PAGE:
The Nationals have already packed up their truck full of equipment and the start of Spring Training is drawing closer. With pitchers and catchers scheduled to report to West Palm Beach, Fla., by Feb. 14, it's time to break down the Nats' roster. This is the latest installment of a
The Nationals have already packed up their truck full of equipment and the start of Spring Training is drawing closer. With pitchers and catchers scheduled to report to West Palm Beach, Fla., by Feb. 14, it's time to break down the Nats' roster.
This is the latest installment of a multipart Around the Horn series taking a position-by-position look at the projected starters and backups heading into the season. This one examines the Nationals' outfielders.
• Around the Horn:Catcher | First base | Second base | Third base | Shortstop
WASHINGTON -- The Nationals expect their outfield to be a strength in 2017, with two of their starters among the best in the sport and still in the prime of their career, as well as a team stalwart who is entering the final year of his contract but has proved he still has something left to offer.
Right fielder Bryce Harper and center fielder Adam Eaton are expected to be two of the most feared hitters in the Nationals' lineup this season, and the success or failure of this season likely will be tied to them. And left fielder Jayson Werth will begin the final year of his seven-year contract, during which he helped transform Washington into an annual contender. The Nats have a chance to be one of the most productive outfields in the Majors.
It begins with Harper, as most things do with these Nationals. He's aiming to bounce back from what qualifies as a down year after winning the NL Most Valuable Player Award in 2015. Last season, Harper posted a .243/.373/.441 line, with 24 homers, an .814 OPS and 3.5 WAR (Wins Above Replacement), according to FanGraphs. Those numbers were a sharp drop from his MVP season, when he hit .330/.460/.649 with 42 homers, a 1.109 OPS and 9.5 WAR. There was never a clear answer what caused this decline and injury speculation surrounded Harper for much of the second half, but the Nats insisted he was healthy.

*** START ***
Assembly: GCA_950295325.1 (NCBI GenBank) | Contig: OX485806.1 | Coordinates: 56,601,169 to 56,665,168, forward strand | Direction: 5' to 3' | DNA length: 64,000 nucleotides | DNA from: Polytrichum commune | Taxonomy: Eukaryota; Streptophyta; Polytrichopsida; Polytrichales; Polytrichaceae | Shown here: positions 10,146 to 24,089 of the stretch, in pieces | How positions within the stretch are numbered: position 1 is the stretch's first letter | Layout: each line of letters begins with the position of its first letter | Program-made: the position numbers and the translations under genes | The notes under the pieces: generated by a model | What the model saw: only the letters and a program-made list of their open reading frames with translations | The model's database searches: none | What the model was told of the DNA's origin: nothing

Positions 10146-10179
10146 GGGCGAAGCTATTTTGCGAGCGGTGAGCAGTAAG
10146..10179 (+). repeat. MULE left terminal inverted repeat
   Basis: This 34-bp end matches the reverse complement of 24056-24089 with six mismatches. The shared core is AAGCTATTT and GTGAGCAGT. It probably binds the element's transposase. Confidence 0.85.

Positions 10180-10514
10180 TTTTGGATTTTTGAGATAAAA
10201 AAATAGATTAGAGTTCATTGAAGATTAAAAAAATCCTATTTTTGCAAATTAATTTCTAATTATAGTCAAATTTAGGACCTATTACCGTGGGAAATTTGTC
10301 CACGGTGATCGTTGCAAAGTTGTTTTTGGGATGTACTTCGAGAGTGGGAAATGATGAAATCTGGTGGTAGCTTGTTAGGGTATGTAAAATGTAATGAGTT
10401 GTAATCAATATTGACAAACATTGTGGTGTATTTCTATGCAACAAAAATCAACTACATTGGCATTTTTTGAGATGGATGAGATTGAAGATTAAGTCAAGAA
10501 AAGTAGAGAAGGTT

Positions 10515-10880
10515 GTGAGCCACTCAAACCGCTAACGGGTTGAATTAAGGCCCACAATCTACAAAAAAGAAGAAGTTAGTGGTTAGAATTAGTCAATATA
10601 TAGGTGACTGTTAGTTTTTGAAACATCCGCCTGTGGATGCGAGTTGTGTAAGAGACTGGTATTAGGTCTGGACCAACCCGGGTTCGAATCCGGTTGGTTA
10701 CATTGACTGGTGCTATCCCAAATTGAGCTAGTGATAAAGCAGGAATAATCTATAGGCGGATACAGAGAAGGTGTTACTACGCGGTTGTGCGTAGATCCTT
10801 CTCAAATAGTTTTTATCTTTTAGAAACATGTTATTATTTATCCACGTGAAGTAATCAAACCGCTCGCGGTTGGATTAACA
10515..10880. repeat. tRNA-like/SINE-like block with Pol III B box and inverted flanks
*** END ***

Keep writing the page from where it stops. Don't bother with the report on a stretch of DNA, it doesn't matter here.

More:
Harper spent this offseason focused on finding his 2015 form, and the Nationals believe he will return to being one of the best players in the NL next season. Steamer projections are also counting on a rebound from Harper, tabbing him to hit .286/.413/.532 with 30 homers, a .944 OPS and 5.4 WAR.
The Nats traded somewhat of a small fortune to acquire Eaton and pair him with Harper in the outfield. Eaton might be a bit underrated around the Majors, but for the past three seasons with the White Sox, he has been among the game's best outfielders. Washington values the consistency, which might be best exemplified by his on-base percentages the past three seasons: .362 in 2014, .361 in '15 and .362 in '16.
The biggest question mark surrounding Eaton will be his ability to play center field. He was converted to right field, where he excelled, in 2016 after playing a lackluster defensive center field in 2015. That said, Eaton was dealing with an injury in '15 and was very good defensively in center field in '14, so the Nationals are not concerned about how he will adjust at the position. Steamer projects a bit of a drop-off for Eaton at .288/.355/.412 and 2.6 WAR, with the low projected WAR likely a result of the position change.
Werth will turn 38 in May, but he answered any questions about whether he can be a healthy and productive player last season. He avoided the injuries that had hampered him in years past to play 143 games and post a 1.1 WAR, and he was one of the team's hottest hitters during the playoffs. Keeping Werth on the field will be important again for Washington; he is one of the leaders of this team and should still have something to offer, especially given his ability to get on base (he reached base in 46 consecutive games last season, tying a franchise record). Werth is projected at .257/.343/.415 next season with 15 homers and a 0.6 WAR.
The Nats re-signed outfielder Chris Heisey early this offseason, but he will be used mainly as a pinch-hitter and for spot starts against left-handed pitchers. So their true fourth outfielder who would start in case of an injury is a bit unsettled. Michael Taylor is the favorite for that spot, but he struggled mightily last season when he got the chance to play full-time after Ben Revere landed on the DL. Taylor likely will compete with Brian Goodwin, a first-round pick in 2011 who made huge strides to reach the Majors for the first time and competed for a spot on the postseason roster.
Jamal Collier covers the Nationals for MLB.com. Follow him on Twitter at @jamalcollier.